With the demolition of the theater, the government also turned off that open microphone, which was one of the only ones left for critical voices in Albania, and along with it the possibility of openness toward people who think differently. The arrogance of Prime Minister Edi Rama is epic — it was known before, but now it is bare.
Outline for a future play
If somebody soon wants to write a play, here’s an outline of scenes that could come in handy.
Scene #1. After midnight. The prime minister is joined by the police chief, the Mayor of Tirana and a couple of others (one of them could be a journalist at one of the many television stations that survive on government funding). The decision has been made, although there is some hesitation. “Not yet,” the prime minister says, “we’re not far enough into the night.” When the clock strikes four in the morning, the prime minister glanced at his company, signalling that it is time to act.
The Mayor of Tirana, tired and full of speculation, sets out to open his mouth, but the prime minister understands that he will once again spew words of doubt. “Shush,” he tells him. “It’s over. We have decided: It will happen tonight. We couldn’t wish for a better night to demolish that theater. Even COVID-19 is on our side. A quiet weekend, the dead of night, the middle of a pandemic. It’s wonderful.” And then the order is given.
Scene #2. If we could name this scene, then it could be “The Criminal Excavator.” The masked policemen emerge from the government buildings around the theater where they were stationed and rush toward the artists and activists who were protecting it after hours.They violently seize them and remove them from the premises among tears and screams. The excavator, which seemed to crop up out of the night, extends its metallic arm and thumps the front of the building until it falls to the ground. The archive, costumes, the stage, the memories and over 50 years of theater are buried within its wrecked walls…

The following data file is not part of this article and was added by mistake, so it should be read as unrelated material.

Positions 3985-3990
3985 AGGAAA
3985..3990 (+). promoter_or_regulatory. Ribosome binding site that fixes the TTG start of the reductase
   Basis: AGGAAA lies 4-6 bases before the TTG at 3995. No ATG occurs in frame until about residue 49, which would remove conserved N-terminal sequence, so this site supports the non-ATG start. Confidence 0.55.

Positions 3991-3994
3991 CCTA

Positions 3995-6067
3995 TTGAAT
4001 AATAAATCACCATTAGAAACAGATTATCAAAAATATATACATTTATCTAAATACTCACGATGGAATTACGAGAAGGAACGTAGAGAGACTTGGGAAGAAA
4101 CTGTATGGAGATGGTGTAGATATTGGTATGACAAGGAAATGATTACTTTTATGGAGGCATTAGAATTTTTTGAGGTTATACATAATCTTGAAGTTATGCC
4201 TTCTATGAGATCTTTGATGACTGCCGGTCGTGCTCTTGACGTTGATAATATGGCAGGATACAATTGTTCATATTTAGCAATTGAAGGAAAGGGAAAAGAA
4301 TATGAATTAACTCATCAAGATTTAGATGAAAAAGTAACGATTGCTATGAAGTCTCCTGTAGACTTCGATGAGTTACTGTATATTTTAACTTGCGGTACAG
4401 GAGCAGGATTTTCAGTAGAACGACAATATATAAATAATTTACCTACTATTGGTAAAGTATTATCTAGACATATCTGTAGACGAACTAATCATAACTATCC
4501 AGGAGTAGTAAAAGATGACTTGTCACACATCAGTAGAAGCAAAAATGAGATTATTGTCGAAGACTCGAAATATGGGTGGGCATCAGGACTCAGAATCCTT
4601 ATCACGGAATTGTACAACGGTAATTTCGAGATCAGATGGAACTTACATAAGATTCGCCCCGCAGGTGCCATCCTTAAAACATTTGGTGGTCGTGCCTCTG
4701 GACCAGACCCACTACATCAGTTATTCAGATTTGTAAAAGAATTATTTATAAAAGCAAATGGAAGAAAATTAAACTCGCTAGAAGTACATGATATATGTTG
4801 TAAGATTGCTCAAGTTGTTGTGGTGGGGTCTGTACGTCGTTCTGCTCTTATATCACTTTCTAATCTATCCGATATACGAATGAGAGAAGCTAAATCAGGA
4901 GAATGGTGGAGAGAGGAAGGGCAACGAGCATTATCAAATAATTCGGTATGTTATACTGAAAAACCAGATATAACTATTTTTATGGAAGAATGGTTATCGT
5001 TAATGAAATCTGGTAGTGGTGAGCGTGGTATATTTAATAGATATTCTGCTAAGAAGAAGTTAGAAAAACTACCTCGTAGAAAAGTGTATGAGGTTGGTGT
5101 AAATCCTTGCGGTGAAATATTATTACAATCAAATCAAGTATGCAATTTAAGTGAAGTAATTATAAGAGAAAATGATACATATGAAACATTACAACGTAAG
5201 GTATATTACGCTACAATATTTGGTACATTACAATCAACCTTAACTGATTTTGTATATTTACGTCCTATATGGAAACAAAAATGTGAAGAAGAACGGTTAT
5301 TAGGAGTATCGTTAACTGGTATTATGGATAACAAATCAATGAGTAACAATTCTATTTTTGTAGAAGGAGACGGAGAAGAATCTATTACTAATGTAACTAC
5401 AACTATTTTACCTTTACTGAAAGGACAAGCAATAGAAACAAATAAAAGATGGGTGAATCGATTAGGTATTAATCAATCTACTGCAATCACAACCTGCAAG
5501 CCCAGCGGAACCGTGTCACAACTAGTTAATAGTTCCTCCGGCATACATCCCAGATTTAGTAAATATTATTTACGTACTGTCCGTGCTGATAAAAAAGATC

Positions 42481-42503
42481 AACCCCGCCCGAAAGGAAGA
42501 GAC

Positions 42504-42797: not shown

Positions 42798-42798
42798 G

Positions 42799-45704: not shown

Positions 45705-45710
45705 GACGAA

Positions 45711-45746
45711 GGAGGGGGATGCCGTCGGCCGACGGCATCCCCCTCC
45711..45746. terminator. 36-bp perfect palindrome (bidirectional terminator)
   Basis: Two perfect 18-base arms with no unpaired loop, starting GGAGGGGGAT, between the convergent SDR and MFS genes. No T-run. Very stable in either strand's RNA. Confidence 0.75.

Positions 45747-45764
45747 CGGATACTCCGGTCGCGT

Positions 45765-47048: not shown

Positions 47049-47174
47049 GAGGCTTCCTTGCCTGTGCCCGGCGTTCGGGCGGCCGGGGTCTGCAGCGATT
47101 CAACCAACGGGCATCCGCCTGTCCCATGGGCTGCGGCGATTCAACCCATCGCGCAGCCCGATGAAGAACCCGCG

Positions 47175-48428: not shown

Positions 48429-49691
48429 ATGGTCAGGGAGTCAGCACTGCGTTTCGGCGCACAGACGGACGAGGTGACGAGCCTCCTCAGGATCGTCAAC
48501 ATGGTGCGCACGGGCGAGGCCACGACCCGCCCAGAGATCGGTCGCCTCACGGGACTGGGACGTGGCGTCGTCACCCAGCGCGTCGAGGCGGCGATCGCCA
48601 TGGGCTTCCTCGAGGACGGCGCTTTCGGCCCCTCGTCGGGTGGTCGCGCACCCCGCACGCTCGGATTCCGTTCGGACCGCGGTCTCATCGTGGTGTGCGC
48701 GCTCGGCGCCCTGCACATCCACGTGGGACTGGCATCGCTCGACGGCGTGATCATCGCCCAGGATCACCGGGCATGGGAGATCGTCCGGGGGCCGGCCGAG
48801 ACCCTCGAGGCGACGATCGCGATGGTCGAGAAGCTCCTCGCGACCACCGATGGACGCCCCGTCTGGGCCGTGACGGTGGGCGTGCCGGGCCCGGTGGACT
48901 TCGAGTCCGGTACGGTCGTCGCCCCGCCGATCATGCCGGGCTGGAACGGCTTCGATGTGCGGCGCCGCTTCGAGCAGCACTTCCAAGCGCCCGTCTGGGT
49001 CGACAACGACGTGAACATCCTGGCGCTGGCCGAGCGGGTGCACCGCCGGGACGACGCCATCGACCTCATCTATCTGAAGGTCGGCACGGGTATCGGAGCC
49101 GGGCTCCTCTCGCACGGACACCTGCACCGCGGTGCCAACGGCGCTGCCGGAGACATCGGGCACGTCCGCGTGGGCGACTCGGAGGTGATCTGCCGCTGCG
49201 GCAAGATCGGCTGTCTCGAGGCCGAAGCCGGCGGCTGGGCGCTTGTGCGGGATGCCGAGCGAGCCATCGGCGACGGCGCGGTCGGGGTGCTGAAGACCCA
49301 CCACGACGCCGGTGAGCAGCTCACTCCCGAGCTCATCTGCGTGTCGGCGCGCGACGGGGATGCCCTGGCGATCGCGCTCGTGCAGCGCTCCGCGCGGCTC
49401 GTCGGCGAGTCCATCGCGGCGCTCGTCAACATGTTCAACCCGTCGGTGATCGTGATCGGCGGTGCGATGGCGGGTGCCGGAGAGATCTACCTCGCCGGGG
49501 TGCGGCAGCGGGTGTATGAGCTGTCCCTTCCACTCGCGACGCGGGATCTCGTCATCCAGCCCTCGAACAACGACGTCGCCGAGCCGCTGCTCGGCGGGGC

Scene #3. We don’t know what could happen, but it happens in a futuristic setting. Where the National Theater once was lies a building that resembles a shopping center (but has a theater hall within it). Behind it loom seven skyscrapers, the tallest being 23 stories high.
The first scene only serves dramaturgical purposes, to instill some suspense and draw the attention of the audience. The second scene is based on real events and is well-documented. The third scene, as speculative as it may be, is based on the government’s urban planning for that area.
Disappointment is a natural state
Fiction and fantasy aside, let’s get back to reality. What we saw in Tirana on Sunday morning, May 17, was truly shocking. The circumstances of the demolition, without social consensus, constructive debate, blackmailing and threatening artists and their cause, without efforts to find other alternatives, with police violence against those who were resisting — these are all symptoms of autocracy and a harbinger of an upcoming dictatorship.
But it is not unprecedented in the Balkans.
For the sake of comparison, let us remember an interesting episode of a similar demolition of cultural heritage in the area. Just past midnight on April 24, 2016, a group of about 30 masked hooligans in vehicles without license plates went to Belgrade and in unseen mafioso style, demolished the old Savamala buildings, a cultural neighborhood in Belgrade that the government flattened in order to make way for a luxurious housing block. Of course, the mafia-like operation was encouraged by Aleksandar Vučić — then prime minister and now president of Serbia.